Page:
China’s EU policy and the art of strategic stalling
As domestic economic pressures and tensions with the US grow, Beijing’s been trying to make nice with Europe. But this shouldn’t stall decisions about the bloc’s China policy.
Grzegorz Stec is an analyst in the Brussels’ office of the Mercator Institute for China Studies. He was the founder of Brussels-based non-profit platform “EU-China Hub.”
When Beijing began wooing Brussels in the middle of last year, it initially started with relatively small moves.
The shift came after the United States imposed tech export controls, and COVID-19 had caused China’s economy to sputter. And Foreign Affairs Minister Wang Yi’s recent tour d’Europe is the latest in this ongoing charm offensive, spreading messages of reengagement and paying lip service to the European Union’s strategic autonomy.
However, it’s important to note that Beijing still primarily sees its relationship with the EU as a part of its geopolitical contest with the United States, and Europeans would do well to always keep that in mind. In fact, it’s time to finally recognize Beijing’s stance toward the bloc for what it actually is — strategic stalling.
Beyond a change in style, China doesn’t seem too eager to offer points of substance to win the EU over. It has reopened diplomatic channels and embraced a more approachable rhetoric — most notably in the outreach spree by its new Ambassador to the EU Fu Cong — but none of this has yet translated into concrete offers.
Fu’s idea to drop the question of Russia’s invasion of Ukraine from the bilateral agenda, end the EU-China sanctions from 2021 and dust off the EU-China Comprehensive Agreement on Investment are neither surprising nor particularly new. And Beijing’s position on the conflict in Ukraine has amounted to a rhetorical repackaging of past statements in an attempt to — among other things — leverage the hopes of those in Europe who still wishfully want to see China as a potential mediator.
And beyond such offers, Beijing simply has no tangible vision for its relationship with the EU. When tensions peaked after Russia’s invasion and China’s economic coercion of Lithuania, President Xi Jinping used the EU-China summit in April 2022 to state that “China’s vision [of the relationship] remains unchanged.” And Beijing has consistently used its relationship with the EU to prevent action, rather than make things happen.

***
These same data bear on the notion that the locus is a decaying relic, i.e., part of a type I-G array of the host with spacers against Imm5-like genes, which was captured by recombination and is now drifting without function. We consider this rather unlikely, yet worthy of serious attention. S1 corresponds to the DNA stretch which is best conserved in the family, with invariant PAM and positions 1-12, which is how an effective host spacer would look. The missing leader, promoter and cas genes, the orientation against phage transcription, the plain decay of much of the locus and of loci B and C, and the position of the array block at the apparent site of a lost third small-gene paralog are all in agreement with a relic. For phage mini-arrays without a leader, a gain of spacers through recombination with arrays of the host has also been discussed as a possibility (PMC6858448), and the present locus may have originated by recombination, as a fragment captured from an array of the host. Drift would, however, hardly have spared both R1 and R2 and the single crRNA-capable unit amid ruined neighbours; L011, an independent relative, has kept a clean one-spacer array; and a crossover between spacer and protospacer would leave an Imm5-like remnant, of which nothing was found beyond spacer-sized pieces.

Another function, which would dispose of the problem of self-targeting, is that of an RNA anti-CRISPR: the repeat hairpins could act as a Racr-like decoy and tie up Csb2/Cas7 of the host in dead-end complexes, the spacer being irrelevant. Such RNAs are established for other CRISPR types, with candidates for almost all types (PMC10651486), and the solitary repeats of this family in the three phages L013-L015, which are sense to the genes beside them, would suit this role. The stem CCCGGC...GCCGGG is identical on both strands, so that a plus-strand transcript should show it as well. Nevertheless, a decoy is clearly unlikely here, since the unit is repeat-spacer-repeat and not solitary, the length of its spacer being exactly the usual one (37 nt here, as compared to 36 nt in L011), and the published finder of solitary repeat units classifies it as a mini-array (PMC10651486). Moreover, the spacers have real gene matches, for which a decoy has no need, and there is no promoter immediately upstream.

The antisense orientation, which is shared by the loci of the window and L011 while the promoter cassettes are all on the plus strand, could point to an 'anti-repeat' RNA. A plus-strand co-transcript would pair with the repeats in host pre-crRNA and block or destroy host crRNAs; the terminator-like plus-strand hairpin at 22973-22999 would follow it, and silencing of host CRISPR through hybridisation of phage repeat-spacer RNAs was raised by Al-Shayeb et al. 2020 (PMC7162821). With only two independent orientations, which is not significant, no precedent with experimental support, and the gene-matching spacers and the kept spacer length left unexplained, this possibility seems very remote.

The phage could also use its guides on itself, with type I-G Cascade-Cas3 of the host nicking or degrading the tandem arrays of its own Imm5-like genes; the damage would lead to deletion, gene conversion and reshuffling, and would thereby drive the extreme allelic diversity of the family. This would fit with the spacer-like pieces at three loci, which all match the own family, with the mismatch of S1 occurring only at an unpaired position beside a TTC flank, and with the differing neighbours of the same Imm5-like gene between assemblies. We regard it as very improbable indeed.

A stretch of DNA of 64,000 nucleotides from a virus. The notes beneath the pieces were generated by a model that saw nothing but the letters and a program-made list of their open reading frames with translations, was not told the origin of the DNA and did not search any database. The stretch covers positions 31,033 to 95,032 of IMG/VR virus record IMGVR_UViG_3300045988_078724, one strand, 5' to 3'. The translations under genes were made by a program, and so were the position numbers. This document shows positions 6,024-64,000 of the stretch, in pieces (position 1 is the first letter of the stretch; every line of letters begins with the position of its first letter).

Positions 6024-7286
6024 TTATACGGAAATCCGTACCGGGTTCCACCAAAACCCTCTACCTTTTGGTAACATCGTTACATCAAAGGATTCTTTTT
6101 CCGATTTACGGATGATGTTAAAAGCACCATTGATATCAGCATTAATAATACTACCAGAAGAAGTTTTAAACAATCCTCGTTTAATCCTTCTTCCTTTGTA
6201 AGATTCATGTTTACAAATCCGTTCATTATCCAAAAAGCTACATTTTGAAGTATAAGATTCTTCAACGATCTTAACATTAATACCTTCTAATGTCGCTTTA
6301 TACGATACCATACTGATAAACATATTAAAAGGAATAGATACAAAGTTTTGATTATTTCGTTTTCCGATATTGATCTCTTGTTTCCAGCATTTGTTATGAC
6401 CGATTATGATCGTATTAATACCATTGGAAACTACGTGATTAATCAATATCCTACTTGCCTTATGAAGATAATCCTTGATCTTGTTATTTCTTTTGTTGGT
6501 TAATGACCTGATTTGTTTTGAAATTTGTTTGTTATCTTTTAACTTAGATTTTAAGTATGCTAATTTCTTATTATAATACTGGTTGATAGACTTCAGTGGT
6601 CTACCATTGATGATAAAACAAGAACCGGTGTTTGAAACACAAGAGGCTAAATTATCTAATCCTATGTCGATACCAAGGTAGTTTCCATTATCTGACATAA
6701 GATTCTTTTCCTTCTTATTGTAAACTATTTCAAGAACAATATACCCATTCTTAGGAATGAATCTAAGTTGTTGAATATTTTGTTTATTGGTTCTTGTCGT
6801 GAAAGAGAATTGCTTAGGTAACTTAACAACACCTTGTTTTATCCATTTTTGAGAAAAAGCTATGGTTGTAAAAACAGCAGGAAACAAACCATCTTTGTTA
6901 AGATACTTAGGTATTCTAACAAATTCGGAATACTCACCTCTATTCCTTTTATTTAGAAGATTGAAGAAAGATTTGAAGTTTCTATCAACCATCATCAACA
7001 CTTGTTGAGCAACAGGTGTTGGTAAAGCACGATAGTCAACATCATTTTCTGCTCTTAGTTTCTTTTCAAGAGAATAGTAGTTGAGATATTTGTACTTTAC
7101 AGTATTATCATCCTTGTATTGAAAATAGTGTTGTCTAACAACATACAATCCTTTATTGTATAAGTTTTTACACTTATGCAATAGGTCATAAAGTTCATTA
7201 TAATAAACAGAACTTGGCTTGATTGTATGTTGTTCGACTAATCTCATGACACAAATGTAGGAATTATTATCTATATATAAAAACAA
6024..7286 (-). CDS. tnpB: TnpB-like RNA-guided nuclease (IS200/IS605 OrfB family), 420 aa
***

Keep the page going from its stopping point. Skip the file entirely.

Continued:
Currently, there are three goals guiding Beijing’s policy toward the EU — none of them constructive. these are: limiting its buy-in into U.S.-led containment initiatives, limiting restrictions on China’s access to EU technology, and limiting restrictions on access to the EU market while Beijing develops domestic consumption and expands exports to growing markets in the Global South.
Crucially, none of these goals require China to convince the EU about deeper engagement or the upsides of its policies. Instead, all it has to do is stall the development of a more assertive policy on the part of the EU — and rhetoric is the easiest way to go about this.
In truth, Beijing shows no particular interest in developing a constructive agenda it could pursue with the bloc. Beyond being shy about bilateral initiatives, it continues to refrain from coordinating with the EU to make positive contributions to multilateral goals — like restructuring developing countries’ sovereign debt, improving international food security, slowing climate change or reforming the World Trade Organization.
And Beijing’s failure to come up with proposals or seek compromise on these issues says more about its stance toward the EU than any of its recent shifts in diplomatic messaging.
The EU does have some incentive to play along with this game of tactical stabilization though. Much like China after it ended its economically and socially costly zero-COVID policy, the bloc needs economic stability. It has to master a post-COVID-19 recovery, an energy crisis caused by Russia’s war in Ukraine, as well as new challenges to its economic competitiveness due to the U.S. Inflation Reduction Act and other industrial-policy measures.
Thus, keeping relations with China stable is, in many ways, appealing right now.
What Brussels and member countries shouldn’t do, however, is treat China’s shift in tone as a positive change in its strategic objectives and trajectory. As both the spy balloon debacle and Xi’s widely expected visit to Moscow illustrate, Beijing’s plans and calculations remain fundamentally unchanged — which means the divergence that characterized EU-China relations over the past years set the rule, not the exception.
Beijing may say it’s against a “Cold-War mentality” gripping the globe, but its world view seems characterized by exactly that. And it ultimately views the EU as part of the “West” — a U.S.-dominated bloc with which it’s bound to engage in systemic rivalry and geopolitical struggle.
At a collective study session organized by the Chinese Communist Party, Xi recently praised the country’s development model as a blueprint for developing countries. To him, it disproved “the myth that modernization means Westernization,” and laid the groundwork for a “brand new form of human civilization.” And such an approach to the international system makes any constructive long-term agenda impossible for the EU.
The bloc may not want to endanger the current period of tactical stabilization in EU-China relations, but it should still use this time to clarify the relationship’s likely trajectory — and it certainly shouldn’t allow Beijing to stall its process of defining and implementing a clear-eyed agenda.
The EU needs to develop a concrete and realistic vision of its future with China. It needs to embrace more proactive goals beyond risk mitigation, and it needs to set a new agenda with a strategic clarity that at last undercuts Beijing’s stalling.